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With most every classic novel comes some outlandish interpretations. Some people have wild fringe theories about Harry Potter as an allegory for young gay love and Lord of the Rings being about WWII and the atom bomb. But some of these laughably wrong interpretations stick. In fact, you were taught some of them in school ...

6
Upton Sinclair's The Jungle

Upton Sinclair's expose of the American meatpacking industry is largely to thank for the massive drop in cases of gastroenteritis (and rise of vegetarianism) around the dawn of the 20th century. When the book was published, the public, pretty keen on taking solid shits, was outraged by the novel's accurate depictions of the unsanitary conditions in slaughterhouses and lack of regulations forbidding the practice of shoveling week-old entrails off the floor along with the cow shit and calling it sausage.

President Teddy Roosevelt took action as a result, leading to the Pure Food and Drug Act, the Meat Inspection Act and eventually the FDA, despite getting his meat primarily from large game he beat to death with a club (probably).


"Who's hungry?"

What it's really about:

It wasn't about sanitation or meat safety. Sinclair was actually trying to expose the exploitation of American factory workers and convert Americans to socialism.

He went undercover for several weeks as a meat packer and not only saw that working conditions in meat-packing factories at the time were horribly unsafe, but that there was massive corruption within the upper levels of management. The stockyards exploited not only the common man, but also the common women and children, who worked the same lengthy shifts and lost the same useful appendages to machinery without proper safeguards. At one point in the book, an employee accidentally falls inside a giant meat grinder and is later sold as lard.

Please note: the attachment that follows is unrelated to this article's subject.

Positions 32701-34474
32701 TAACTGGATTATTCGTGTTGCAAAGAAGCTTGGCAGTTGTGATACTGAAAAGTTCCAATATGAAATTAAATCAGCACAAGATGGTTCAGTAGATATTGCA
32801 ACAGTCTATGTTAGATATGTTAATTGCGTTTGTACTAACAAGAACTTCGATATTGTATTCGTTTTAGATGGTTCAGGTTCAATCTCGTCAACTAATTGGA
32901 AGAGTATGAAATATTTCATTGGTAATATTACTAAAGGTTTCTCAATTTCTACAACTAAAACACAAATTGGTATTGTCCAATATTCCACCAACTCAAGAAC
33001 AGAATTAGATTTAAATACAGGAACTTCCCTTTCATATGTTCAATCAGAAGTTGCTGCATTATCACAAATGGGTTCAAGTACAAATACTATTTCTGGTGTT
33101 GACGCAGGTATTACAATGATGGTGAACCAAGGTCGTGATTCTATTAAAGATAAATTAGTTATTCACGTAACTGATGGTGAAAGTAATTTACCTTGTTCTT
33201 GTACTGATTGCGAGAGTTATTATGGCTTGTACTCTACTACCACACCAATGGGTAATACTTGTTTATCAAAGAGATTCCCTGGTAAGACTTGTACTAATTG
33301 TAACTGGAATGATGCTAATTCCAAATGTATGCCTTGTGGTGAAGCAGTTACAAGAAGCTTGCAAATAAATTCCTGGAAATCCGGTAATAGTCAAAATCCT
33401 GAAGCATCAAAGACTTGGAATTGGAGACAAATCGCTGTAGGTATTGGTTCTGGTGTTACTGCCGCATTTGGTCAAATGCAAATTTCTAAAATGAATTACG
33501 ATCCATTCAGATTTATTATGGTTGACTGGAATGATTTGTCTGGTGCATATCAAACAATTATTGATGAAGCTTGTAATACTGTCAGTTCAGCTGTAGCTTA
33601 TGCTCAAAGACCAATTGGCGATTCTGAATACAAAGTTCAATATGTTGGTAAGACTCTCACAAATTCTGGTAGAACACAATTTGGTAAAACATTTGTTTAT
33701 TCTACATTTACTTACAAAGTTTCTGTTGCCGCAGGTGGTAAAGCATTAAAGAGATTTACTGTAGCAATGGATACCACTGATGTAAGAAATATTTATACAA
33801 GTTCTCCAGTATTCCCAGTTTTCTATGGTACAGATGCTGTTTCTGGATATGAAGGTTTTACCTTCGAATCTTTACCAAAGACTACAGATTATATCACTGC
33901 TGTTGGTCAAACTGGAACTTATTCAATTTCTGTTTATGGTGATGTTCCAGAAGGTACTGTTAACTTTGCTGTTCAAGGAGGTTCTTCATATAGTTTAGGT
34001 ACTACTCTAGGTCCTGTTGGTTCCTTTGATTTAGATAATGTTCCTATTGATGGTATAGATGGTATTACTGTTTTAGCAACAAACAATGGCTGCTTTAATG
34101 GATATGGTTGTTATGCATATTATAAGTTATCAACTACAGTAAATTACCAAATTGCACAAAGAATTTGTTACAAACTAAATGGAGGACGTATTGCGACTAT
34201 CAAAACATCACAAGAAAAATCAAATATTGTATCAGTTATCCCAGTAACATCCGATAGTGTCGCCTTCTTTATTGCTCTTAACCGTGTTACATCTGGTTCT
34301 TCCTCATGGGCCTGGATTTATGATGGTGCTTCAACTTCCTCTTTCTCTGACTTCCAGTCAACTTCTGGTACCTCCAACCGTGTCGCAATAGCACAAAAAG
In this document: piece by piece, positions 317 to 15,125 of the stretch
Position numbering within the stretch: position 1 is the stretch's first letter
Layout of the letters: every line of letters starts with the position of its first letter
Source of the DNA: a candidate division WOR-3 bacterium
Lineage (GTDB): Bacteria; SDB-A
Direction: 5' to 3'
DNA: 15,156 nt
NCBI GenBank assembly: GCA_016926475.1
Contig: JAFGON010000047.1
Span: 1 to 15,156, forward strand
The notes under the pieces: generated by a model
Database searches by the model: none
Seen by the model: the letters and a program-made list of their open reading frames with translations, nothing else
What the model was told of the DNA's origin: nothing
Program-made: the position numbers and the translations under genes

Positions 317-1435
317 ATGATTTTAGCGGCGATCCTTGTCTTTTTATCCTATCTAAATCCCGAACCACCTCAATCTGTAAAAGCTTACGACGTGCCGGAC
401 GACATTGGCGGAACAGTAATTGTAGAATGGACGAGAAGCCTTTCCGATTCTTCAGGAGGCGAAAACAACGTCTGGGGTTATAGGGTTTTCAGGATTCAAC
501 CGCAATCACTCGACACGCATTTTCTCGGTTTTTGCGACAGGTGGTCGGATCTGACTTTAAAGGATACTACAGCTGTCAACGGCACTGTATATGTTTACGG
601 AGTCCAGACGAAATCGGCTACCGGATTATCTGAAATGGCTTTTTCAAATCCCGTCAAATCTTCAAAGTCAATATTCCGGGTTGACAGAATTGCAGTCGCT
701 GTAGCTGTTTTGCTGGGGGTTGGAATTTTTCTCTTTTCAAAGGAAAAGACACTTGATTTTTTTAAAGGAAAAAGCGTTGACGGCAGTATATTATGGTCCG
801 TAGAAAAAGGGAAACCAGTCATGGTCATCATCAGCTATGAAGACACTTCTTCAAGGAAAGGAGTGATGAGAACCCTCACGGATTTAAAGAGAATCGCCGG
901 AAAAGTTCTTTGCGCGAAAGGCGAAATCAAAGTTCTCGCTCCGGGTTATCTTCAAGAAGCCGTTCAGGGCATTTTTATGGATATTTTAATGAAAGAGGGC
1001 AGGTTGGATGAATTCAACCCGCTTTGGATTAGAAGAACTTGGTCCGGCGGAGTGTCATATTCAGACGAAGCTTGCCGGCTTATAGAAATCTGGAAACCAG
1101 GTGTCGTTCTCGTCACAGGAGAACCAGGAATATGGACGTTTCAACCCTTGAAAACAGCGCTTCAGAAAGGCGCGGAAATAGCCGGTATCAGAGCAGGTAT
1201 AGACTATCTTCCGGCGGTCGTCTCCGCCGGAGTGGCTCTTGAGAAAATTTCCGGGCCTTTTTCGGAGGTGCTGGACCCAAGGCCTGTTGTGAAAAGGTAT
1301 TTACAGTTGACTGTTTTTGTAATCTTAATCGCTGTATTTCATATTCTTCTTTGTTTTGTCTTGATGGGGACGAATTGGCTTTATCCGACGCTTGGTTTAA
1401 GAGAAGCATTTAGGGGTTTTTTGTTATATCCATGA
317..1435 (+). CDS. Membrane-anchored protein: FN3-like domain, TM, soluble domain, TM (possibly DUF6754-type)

A pinch of Mitch in every bite.

But much to Sinclair's frustration, the public's reaction was less "that poor exploited worker!" and more "HOLY SHIT THERE MIGHT BE PEOPLE IN MY LARD." They read right past the hardship of the workers and focused entirely on how gross the meat-packing process was.

Adding insult to injury, the passing of the Meat Inspection Act and the Pure Food and Drug Act meant that taxpayers, not the meatpackers, were responsible for the $30 million a year costs of inspection, giving Sinclair further shit to gripe about as it added even more burden to the American worker.


"We have to wear coats now?"